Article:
Wednesday, 19 June 2019

The License to Kill

 What is the function of saving throws in old-school play?
What if their primary purpose was emotional rather than mechanical?
Why roll a saving throw at all? The general consensus around old-school best practices is that severe consequences should be telegraphed by the GM and therefore come as a result of the players' choices. A normal-looking door that shocks people to death is not allowed; but if the door has a sign saying "Keep Out! Wizard's Sanctum!" then it's considered reasonable. If the player tries to open the door, they made a bad choice and now they get the consequence. In terms of fictional consistency, there is no particular reason why there should be a saving throw. "Well, you've got to have some chance of survival." Yes, you already had that chance - it was called "not touching the trapped door"!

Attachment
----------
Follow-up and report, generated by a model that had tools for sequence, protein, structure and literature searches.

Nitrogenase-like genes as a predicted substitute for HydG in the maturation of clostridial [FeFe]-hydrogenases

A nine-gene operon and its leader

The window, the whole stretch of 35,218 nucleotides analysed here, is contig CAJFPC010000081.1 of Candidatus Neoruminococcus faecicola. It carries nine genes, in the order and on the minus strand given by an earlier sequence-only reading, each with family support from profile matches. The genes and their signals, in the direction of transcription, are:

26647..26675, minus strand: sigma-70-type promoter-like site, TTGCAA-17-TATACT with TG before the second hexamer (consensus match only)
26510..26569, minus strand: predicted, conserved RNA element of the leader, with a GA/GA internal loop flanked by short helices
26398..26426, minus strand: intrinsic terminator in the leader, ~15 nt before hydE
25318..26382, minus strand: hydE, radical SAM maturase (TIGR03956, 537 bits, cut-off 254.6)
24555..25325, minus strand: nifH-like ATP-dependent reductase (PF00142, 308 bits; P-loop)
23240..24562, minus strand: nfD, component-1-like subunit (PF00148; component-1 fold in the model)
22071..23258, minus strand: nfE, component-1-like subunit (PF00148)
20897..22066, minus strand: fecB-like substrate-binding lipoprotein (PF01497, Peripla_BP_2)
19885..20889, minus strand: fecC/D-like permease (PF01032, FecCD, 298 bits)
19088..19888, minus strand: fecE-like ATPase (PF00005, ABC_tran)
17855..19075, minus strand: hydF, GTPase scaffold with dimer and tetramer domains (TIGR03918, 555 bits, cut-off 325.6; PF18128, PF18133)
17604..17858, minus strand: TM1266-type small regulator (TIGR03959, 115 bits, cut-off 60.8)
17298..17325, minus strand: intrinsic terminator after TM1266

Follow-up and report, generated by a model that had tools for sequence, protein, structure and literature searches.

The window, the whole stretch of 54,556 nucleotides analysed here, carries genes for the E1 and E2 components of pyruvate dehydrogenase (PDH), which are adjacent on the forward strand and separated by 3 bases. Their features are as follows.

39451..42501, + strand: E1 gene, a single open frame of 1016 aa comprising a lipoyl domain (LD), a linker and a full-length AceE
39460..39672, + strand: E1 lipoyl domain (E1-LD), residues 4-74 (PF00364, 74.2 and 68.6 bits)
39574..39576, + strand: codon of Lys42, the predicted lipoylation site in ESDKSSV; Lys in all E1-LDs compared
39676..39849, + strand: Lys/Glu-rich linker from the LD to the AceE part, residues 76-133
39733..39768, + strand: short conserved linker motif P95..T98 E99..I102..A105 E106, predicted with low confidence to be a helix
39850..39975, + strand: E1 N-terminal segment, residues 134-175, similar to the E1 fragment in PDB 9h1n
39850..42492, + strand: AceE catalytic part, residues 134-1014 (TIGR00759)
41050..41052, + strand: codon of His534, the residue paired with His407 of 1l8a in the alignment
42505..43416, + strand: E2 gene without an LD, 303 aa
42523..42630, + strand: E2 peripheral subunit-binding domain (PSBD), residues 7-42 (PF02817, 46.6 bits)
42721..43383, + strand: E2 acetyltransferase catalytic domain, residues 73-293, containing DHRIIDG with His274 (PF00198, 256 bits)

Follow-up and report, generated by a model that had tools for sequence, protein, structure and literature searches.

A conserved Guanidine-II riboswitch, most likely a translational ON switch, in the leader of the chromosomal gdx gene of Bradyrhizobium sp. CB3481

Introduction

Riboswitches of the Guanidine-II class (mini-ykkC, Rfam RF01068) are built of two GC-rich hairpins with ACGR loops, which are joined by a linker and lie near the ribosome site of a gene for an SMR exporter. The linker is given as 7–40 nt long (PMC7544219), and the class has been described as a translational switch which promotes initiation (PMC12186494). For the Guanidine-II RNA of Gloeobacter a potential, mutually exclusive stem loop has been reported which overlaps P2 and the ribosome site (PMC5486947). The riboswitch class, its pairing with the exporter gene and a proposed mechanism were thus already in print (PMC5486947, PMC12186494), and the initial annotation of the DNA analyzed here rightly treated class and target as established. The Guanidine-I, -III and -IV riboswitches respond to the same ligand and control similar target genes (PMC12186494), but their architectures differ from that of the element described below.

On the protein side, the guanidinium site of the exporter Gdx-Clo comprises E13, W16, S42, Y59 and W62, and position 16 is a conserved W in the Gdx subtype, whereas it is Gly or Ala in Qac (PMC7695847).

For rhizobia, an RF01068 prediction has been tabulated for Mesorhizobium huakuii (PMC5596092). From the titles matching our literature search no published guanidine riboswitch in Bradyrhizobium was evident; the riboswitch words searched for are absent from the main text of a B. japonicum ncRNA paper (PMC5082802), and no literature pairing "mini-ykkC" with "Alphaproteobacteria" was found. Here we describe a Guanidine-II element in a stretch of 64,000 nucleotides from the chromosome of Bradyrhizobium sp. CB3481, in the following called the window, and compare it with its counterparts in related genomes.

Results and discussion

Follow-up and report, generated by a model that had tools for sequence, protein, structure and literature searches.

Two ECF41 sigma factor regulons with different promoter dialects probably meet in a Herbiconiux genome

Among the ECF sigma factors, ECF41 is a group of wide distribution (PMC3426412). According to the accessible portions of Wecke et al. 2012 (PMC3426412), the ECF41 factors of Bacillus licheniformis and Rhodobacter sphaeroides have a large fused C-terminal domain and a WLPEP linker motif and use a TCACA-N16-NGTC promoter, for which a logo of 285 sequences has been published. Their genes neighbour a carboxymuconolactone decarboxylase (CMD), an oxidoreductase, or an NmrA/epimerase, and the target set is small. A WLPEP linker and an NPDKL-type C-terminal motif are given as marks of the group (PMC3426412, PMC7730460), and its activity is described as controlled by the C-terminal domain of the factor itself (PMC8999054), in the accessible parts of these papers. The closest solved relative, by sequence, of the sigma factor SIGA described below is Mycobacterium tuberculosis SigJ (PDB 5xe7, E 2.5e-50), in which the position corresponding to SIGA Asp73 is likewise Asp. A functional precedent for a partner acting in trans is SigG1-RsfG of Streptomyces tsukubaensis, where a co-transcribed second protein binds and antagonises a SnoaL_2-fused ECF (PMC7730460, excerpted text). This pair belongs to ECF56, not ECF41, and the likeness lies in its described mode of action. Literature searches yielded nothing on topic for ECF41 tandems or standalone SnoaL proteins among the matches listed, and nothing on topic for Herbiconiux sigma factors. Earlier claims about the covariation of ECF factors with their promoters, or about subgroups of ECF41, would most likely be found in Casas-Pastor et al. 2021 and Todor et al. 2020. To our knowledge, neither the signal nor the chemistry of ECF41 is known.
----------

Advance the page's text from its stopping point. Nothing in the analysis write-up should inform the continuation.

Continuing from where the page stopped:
So the GM could just say: "You got shocked and now you're dead." But it's very likely this will feeling arbitrary and unfair to the player. The saving throw comes in as an emotional tool to give the GM some plausible deniability. It gives them a license to kill.
Both elements - the bad choice and the bad roll - need to exist for the death to feel fair.
(For death you can substitute any other severe and permanent consequence, of course.)
Perhaps other randomisers in old-school play also serve the same purpose. Look at encounter tables. All of the encounters on the table should offer agency to the players as a baseline. If one of your encounters is "5 red dragons, always attack from surprise" then it doesn't really matter if there's only a 1-in-100 chance of it happening, it's still bullshit. So to flip it around - if none of your encounters are bullshit, then why randomise them at all? Why not just pick whichever one seems appropriate in the moment?
The answer is: you roll so that when the players get into a fight, you have a license to kill.
The truth is it's all you (the GM). You wrote or chose the encounter. You introduced the possibility of death when you called for the saving throw. But the roll itself is a crucial point of emotional distance.
"Aw, sorry buddy. The dice killed you. Not me... the dice."

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